There's a tendency in tech companies to build dashboards. The process is usually something like this:

  • Engineers build systems and collect every bit of data imaginable
  • Management hires a data analyst, or maybe just gets a spare engineer
  • Analyst goes nuts building dashboards of everything available

The result is a dashboard that has dials, sliders, charts, and random images that ends up looking like NASA's control center.

Complicated control center, like a complex dashboard
A complicated control center (that I'd love to play with)

Cool right? Also very difficult for an individual to use to solve operational problems.

I want to go over a few things, including

  • Why I almost never use dashboards
  • Why it's better to think of just one or two metrics
  • Some guidelines for picking the right metric for an ops project.

Why I avoid using dashboards in operations

Complex operations dashboards do this thing where they simultaneously don't help companies change, and also prevent better metrics or dashboards from happening.

Primarily, dashboards that rely on information systems aren't designed for operations. They might report on some things relevant to ops (e.g. packages delivered, or transactions completed), but they don't track the information that isn't automatically captured.

But here's how complex dashboards hurt operations:

  1. Dashboards can make people feel stupid. People pore over them and think "the answer must be in here somewhere", which is a bit like reading a dictionary in the hope of finding an interesting word.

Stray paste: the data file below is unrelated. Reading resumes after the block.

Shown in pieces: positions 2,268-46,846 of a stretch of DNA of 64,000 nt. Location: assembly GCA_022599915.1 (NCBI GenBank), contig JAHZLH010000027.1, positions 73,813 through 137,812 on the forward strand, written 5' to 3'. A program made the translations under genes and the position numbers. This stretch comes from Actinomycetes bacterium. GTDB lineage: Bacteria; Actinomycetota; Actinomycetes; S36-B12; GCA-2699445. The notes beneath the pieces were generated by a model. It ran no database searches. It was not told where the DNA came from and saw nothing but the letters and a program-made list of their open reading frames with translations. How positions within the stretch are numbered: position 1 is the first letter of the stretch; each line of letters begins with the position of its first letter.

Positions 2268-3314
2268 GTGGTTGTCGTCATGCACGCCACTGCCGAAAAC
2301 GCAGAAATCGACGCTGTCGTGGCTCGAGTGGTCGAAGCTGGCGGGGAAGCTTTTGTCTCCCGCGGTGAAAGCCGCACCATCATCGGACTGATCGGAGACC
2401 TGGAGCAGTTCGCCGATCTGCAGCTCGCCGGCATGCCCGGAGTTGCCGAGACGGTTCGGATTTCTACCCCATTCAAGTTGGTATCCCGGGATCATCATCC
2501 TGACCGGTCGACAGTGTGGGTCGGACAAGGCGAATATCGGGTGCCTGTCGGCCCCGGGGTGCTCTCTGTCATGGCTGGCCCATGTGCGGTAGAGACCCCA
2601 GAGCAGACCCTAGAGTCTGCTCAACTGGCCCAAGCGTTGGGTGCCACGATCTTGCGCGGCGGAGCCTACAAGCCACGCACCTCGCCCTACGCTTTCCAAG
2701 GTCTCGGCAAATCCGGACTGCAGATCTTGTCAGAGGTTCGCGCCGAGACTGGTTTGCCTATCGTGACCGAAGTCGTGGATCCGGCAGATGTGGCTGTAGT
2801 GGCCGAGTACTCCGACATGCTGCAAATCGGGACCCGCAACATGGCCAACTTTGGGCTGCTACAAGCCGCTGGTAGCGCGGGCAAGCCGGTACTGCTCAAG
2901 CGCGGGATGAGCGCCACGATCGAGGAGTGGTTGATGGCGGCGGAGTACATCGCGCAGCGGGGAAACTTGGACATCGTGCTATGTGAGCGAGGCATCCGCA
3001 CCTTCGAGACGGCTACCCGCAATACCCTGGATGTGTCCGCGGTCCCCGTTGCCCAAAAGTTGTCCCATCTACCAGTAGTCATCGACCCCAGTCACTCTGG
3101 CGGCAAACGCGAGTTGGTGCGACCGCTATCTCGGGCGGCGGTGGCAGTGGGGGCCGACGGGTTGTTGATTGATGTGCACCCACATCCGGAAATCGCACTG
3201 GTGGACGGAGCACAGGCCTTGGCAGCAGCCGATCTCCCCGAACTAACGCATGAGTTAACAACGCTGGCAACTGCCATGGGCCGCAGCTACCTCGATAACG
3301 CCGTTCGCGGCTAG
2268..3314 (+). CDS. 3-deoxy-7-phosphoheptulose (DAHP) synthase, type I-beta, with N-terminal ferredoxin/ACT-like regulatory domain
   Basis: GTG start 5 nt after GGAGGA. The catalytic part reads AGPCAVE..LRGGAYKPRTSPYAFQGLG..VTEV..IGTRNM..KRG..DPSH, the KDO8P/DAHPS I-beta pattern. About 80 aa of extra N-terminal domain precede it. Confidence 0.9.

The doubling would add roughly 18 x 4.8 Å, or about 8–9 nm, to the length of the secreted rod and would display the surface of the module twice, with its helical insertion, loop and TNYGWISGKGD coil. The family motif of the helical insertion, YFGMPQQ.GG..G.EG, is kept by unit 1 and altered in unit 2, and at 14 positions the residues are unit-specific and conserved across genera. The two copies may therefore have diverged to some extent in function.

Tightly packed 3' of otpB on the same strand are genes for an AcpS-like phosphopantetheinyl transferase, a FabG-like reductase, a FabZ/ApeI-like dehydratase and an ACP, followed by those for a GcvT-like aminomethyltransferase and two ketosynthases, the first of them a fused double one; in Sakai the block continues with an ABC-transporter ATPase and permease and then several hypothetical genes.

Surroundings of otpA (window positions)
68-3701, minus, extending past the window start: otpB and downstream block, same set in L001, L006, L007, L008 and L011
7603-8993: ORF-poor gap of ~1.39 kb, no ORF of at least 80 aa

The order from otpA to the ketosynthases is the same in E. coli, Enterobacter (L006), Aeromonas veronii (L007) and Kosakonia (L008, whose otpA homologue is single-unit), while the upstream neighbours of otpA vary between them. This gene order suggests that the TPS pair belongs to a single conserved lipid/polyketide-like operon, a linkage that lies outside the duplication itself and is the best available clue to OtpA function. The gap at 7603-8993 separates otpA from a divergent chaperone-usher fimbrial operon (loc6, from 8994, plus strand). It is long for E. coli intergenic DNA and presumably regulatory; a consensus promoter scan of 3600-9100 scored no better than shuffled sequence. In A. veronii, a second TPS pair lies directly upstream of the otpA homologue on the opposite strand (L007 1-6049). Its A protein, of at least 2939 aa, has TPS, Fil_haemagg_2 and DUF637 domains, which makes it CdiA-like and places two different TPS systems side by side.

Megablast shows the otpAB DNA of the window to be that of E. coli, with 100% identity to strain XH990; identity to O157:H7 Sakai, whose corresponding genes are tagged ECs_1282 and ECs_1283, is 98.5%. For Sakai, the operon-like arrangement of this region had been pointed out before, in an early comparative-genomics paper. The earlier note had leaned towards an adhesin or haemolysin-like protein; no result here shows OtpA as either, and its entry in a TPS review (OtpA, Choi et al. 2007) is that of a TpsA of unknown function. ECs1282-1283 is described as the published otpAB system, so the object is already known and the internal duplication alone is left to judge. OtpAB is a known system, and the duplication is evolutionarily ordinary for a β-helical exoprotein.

2. Dashboards are the default answer to whenever anyone asks for a metric. "Have you looked at the xyz dashboard?" There's then resistance to digging up a new metric because so much is in there that's presumably unexploited.
  3. Dashboards are so impressive looking that it's hard to think that a simple number can give more insight that a complicate dashboard.

But in my many projects — in fact, I think in every project — the only use I've ever had for a dashboard was to find the function to export data and to combine that with other data needed to make an operational decision.

One reason that dashboards frequently don't work in tech operations is that operations is the last thing engineers are thinking about. They're concerned with their domains, which include high-level business metrics, and at a granular level include app or server performance.

But operations deals with physical items for which there may not be automatic data collection. These might be things like inventory, physical process time, or interruptions to workflow (like when we have to suspend outdoor operations due to inclement weather).

The better way to use metrics in operations is always to start with a question. What do you want to grow? Then, what things do you need to measure to ensure that growth will happen?

In every operations consulting project I've done, I've had to do these things:

  1. Choose a metric (or two)
  2. Start measuring it
  3. Act on the measurements

Some more detail on these steps below.

How to choose a metric (or two)

The goal of choosing a metric (or two) is that it has to be one that you can report that succinctly summarises how the company is going to track towards its operational goals.

The ideal situation is to have one metric that tells you what you have to do. But sometimes it's not enough and you need two.

For example, at Lyft, a ride-sharing company, at one stage we measured "rides", which means rides an individual has taken using the app. This includes rides in shared Lyft rides (when we had those) — so if three people were on a Lyft "Line" shared route, it would be three rides.

It seems like a very basic metric, but it captures a lot about the business. Lyft is a marketplace business, always trying to match supply and demand. Measuring rides captures both demand (as it's a user-centric metric) and supply (as a ride can't happen unless there's a vehicle).

You choose a metric based on the growth stage of your business and what you're trying to achieve.

Another example is our own web business. In the early days, we just measured sessions (an intermediary between users and pageviews). Sessions was important to us because our future advertising partner had a sessions threshold for letting us join as a partner.